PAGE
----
General Motors announced today it is slashing the price of the Chevy Volt by $US5,000, in an effort to spur lagging sales.
It’s evidence that the company has learned a big lesson that is especially pertinent to electric cars: Consumers won’t overpay for underwhelming products.
Missing Sales Goals
The plug-in hybrid electric compact car now starts at $US34,995, including an $US810 destination fee, and before a $US7,500 federal tax credit.
In its announcement, Chevy said the drop will “broaden [the Volt’s] exposure to price-sensitive prospective buyers.”
The Volt is the country’s best-selling plug-in, but sales have not hit the numbers GM wanted, Karl Brauer, an analyst with Kelley Blue Book (KBB), said in an interview. After putting 23,461 units on the road in 2012, Chevy has sold fewer than 12,000 in 2013.
That’s because the “small market” of people who will pay a big premium for new, environmentally-friendly technology isn’t enough to sustain significant sales, Brauer said.
The promised fuel savings from an electric car aren’t compelling, either, when the EV costs so much more up front. Brauer pointed out that on KBB.com, shoppers looking at the Volt most often compare it to another compact car, the Ford Focus, and not the Focus Electric.
The basic gasoline version of the Focus starts at $US16,200 and gets a very solid 31 mpg. Compare that to the $US39,145 Volt, and it’s easy to see why Chevy sales aren’t taking off.
Electric Car Prices Are Dropping Across The Board
In January, Nissan slashed the price of the all-electric Leaf by nearly 20%, after the car fell way short of ambitious sales goals. It worked: Compared to 9,819 sales in 2012, Nissan has already put nearly 12,000 units on the road this year.
The Volt price cut will have some effect on Chevy, but it’s tough to tell if it will produce a modest sales bump or something bigger, Brauer said. It would have been more effective if Chevy had made the move earlier, before the image of the Volt as an expensive car could become fixed in consumers’ minds. he added.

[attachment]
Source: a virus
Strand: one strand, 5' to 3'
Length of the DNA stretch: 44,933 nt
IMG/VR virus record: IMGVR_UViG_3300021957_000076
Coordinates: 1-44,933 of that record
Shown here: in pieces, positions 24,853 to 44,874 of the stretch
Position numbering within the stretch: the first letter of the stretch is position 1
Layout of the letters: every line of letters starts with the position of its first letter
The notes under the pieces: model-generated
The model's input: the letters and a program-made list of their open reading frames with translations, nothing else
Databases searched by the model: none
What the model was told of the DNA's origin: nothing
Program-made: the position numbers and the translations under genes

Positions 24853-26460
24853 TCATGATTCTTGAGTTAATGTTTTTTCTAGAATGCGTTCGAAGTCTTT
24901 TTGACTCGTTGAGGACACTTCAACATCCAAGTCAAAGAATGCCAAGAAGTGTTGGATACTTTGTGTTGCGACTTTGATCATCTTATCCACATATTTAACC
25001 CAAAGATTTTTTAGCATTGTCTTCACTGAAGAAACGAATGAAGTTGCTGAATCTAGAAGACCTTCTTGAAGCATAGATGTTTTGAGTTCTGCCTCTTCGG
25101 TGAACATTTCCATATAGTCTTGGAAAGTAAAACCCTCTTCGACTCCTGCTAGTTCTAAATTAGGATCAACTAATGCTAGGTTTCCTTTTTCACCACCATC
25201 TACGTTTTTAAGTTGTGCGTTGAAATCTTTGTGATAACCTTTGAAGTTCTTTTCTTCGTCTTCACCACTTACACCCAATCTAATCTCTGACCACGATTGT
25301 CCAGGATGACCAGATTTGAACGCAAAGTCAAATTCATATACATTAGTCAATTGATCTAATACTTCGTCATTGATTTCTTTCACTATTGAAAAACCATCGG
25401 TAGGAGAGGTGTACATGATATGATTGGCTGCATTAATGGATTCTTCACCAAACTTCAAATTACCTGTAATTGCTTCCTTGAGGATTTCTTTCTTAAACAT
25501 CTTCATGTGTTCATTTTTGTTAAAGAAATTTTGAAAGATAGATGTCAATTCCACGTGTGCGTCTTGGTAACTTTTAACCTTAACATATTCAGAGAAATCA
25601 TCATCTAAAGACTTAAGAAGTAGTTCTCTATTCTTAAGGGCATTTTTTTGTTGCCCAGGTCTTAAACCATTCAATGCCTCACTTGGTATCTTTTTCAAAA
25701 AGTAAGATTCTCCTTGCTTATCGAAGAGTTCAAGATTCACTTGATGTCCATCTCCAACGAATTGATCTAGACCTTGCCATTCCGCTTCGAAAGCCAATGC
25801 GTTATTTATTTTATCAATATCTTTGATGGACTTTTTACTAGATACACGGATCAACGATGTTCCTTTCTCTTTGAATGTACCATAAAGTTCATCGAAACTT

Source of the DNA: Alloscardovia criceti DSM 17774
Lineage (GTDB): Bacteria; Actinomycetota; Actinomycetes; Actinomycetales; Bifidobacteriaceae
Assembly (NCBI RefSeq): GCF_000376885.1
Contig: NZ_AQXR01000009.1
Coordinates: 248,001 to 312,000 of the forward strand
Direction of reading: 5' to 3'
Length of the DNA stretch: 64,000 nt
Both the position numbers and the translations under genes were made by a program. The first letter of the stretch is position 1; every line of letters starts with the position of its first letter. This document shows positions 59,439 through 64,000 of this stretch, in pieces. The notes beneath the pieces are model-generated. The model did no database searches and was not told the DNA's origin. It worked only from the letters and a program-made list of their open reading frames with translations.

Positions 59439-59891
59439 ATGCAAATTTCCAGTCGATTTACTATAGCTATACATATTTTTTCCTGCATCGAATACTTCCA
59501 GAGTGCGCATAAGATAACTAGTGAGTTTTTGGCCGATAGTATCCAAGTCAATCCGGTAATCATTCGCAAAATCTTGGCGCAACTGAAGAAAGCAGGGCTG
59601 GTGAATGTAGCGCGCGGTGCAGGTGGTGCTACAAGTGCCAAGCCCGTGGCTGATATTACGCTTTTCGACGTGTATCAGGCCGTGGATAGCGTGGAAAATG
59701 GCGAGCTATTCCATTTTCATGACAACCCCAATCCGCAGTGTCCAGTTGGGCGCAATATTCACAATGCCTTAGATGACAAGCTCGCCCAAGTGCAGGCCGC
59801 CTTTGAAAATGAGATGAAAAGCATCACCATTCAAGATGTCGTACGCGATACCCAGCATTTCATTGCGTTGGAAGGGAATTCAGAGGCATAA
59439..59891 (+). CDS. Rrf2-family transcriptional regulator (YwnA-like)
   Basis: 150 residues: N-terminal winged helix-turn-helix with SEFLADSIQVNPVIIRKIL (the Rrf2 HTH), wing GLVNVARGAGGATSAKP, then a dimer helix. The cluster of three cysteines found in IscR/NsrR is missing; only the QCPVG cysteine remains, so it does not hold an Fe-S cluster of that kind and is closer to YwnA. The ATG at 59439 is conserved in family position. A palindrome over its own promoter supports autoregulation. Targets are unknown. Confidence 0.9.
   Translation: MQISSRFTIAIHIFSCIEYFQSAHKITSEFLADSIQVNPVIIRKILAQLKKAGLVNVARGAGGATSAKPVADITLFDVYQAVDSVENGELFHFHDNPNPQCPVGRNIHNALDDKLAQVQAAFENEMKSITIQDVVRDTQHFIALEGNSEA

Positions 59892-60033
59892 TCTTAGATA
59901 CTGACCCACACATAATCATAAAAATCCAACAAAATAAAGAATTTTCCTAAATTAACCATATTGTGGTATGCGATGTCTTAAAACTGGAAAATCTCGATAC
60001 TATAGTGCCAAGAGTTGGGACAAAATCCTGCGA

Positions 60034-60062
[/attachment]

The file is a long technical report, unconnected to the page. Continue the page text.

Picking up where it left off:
Chevy and Nissan aren’t the only ones lowering prices to drum up demand. KBB data shows the average transaction price of electric and plug-in hybrids on sale in the U.S. dropped from $US40,497 in 2012 to $US36,922 in 2013 (year to date), a 10.2% change. That’s a big discount.
The Ford Focus Electric, Mitsubishi i-MiEV, and Toyota Prius Plug-in all cost less than they did a year ago.
The Big Exception
The big exception to the trend is Tesla, which is selling as many $US70,000 Model S sedans as it can produce. Elon Musk and company have done something other automakers haven’t, said Brauer: “They’ve broken out of the electric car quandary.”
The difference between Tesla’s car and other EVs is that the Model S is a premium car than can go hundreds of miles on a charge, so buyers don’t feel like they’re getting a golf cart that can’t go farther than around the block a few times.
BMW also just came out with a premium electric vehicle, but Brauer was sceptical that it would be successful.
The car, called the i3, is just as compact, strange-looking, and limited in range as its competitors (the gorgeous Model S is an exception).
But it costs more than $US41,000, and does not exactly look like a luxury car.
“I think that car is going to have a very rough time,” Brauer said of the i3. It will have its dedicated fans, “but there’s where you don’t want to be,” he added.
Perhaps BMW should have taken a lesson from the Chevy Volt and other EVs that have dropped their prices: The state of battery technology means that electric cars will remain small, limited in range, and more expensive than gasoline competitors.
Appreciation for the planet and the potential for long-term savings at the pump don’t make up for that. So if you want to sell an electric car (that isn’t the Model S), you have to make it cheaper.
Just not so cheap that it becomes really popular, and your entire stock is snapped up at a loss.
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